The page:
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Kindred Nature

Victorian and Edwardian Women Embrace the Living World

In Kindred Nature, Barbara T. Gates highlights the contributions of Victorian and Edwardian women to the study, protection, and writing of nature. Recovering their works from the misrepresentation they often faced at the time of their composition, Gates discusses not just well-known women like Beatrix Potter but also others—scientists, writers, gardeners, and illustrators—who are little known today.

Some of these women discovered previously unknown species, others wrote and illustrated natural histories or animal stories, and still others educated women, the working classes, and children about recent scientific advances. A number of women also played pivotal roles in the defense of animal rights by protesting overhunting, vivisection, and habitat destruction, even as they demanded their own rights to vote, work, and enter universities.

Kindred Nature shows the enormous impact Victorian and Edwardian women had on the natural sciences and the environmental movement, and on our own attitudes toward nature and human nature.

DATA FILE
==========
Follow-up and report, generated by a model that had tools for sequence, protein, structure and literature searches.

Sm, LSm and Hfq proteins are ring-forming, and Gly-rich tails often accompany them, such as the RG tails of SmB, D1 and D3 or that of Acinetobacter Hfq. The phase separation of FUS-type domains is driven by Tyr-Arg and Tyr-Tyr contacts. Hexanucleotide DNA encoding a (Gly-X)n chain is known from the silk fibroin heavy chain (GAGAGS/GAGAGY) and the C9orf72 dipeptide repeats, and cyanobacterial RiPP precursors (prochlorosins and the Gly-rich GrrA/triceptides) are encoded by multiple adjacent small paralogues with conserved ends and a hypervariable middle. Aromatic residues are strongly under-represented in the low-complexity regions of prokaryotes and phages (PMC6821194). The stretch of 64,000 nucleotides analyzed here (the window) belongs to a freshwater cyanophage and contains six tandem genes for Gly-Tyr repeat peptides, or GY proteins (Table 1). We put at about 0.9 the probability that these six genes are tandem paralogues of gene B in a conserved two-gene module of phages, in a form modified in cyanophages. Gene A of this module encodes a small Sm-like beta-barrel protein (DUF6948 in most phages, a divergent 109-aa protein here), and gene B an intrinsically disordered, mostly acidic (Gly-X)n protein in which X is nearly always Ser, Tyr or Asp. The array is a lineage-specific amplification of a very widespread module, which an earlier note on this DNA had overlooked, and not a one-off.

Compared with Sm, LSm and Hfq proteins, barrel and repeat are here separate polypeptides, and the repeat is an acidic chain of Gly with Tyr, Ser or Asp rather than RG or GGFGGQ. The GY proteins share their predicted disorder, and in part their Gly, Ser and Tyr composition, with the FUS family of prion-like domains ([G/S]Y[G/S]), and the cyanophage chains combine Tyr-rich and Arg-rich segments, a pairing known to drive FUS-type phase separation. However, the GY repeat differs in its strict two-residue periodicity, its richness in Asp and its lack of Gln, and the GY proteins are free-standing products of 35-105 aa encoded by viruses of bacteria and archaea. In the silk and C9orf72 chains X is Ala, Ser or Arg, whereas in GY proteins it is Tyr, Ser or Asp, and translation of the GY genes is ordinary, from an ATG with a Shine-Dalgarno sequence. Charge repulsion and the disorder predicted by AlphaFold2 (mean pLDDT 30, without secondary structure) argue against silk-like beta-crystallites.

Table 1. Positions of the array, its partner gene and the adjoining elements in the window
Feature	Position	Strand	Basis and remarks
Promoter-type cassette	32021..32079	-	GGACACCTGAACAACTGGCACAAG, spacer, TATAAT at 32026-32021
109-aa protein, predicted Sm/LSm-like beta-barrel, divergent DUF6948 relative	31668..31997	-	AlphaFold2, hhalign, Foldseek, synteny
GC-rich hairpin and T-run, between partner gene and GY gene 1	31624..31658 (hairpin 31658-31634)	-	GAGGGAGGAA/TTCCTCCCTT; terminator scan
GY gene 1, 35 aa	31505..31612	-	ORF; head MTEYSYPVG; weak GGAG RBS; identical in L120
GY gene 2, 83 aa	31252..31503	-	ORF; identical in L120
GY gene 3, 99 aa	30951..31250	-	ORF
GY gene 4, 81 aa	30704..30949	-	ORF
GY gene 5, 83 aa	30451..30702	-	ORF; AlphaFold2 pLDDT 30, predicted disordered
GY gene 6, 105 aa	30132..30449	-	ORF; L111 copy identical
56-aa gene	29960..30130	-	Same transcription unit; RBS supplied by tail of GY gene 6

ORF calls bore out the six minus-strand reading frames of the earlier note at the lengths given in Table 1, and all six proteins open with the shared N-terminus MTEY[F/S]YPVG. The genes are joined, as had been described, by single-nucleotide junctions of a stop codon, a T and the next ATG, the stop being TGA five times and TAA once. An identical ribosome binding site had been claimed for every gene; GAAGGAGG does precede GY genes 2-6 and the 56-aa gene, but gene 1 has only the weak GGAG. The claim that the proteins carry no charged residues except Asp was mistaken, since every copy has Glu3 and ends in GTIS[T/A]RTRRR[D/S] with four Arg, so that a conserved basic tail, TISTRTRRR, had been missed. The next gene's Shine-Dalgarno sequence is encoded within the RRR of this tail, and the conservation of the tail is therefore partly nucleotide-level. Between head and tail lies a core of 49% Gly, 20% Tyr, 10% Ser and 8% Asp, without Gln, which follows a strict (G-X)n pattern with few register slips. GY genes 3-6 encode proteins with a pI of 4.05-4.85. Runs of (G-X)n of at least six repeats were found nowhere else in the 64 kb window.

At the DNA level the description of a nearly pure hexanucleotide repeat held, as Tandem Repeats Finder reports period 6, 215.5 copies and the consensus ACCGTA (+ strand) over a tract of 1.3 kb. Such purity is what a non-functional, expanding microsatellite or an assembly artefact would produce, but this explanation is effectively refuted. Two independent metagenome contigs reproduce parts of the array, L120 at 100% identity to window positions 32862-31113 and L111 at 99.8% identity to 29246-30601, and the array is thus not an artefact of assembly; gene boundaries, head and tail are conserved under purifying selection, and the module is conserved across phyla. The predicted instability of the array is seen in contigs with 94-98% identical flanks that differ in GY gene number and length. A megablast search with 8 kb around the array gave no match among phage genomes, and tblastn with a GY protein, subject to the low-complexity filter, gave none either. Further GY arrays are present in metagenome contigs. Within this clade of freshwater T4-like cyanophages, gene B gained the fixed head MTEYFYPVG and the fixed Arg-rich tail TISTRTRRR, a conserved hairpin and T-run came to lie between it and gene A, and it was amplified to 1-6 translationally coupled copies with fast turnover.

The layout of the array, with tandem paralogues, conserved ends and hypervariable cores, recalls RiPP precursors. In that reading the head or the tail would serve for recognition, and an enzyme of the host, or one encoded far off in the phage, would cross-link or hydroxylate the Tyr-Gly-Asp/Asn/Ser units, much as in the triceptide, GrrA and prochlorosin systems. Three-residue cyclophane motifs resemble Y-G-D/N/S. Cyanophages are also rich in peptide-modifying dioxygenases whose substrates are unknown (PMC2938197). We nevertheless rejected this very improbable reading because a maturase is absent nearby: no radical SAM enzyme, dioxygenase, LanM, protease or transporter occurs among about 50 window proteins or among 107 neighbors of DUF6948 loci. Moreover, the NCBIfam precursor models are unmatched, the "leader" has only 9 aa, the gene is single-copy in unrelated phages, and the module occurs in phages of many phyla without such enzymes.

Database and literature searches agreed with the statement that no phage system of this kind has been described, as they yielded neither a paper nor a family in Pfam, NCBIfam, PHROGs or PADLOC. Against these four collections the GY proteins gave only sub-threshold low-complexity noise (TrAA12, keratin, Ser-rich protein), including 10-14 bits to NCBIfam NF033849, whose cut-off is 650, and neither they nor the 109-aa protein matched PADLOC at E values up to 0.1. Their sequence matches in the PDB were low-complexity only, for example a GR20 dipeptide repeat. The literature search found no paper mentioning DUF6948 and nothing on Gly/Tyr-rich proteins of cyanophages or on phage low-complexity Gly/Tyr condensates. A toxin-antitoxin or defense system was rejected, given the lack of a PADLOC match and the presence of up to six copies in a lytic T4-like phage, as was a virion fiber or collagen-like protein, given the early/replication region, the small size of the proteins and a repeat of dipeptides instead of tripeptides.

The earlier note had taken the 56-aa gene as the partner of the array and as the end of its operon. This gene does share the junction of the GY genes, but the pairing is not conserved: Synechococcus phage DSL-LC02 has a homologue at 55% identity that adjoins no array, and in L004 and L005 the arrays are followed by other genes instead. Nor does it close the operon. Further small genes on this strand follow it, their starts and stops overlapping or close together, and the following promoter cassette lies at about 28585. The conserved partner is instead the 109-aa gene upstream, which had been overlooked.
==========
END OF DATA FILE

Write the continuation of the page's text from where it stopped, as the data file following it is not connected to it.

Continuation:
312 pages | 52 halftones | 6 x 9 | © 1999

Biological Sciences: Natural History

History of Science

Literature and Literary Criticism: British and Irish Literature

Women's Studies

Table of Contents

List of Illustrations
Acknowledgments
Introductory
Pt. 1: Women on the Edge of Science
1: Who Can Speak in Nature’s Name?
2: Retelling the Story of Science: The Wonders of Nature
3: Cataloging the Natural World: Case Studies of Women Naturalists
Pt. 2: Nature’s Crusaders
4: Nurturing Nature
5: "Tongues of Fire": Womanist Visions of Nature
Pt. 3: Storied Nature
6: Aestheticizing Nature
7: Hunting and Gathering Writing
8: Storied Animals
9: Kindred Natures: The Earthlings
Afterward: An Afterword
Bibliography
Index

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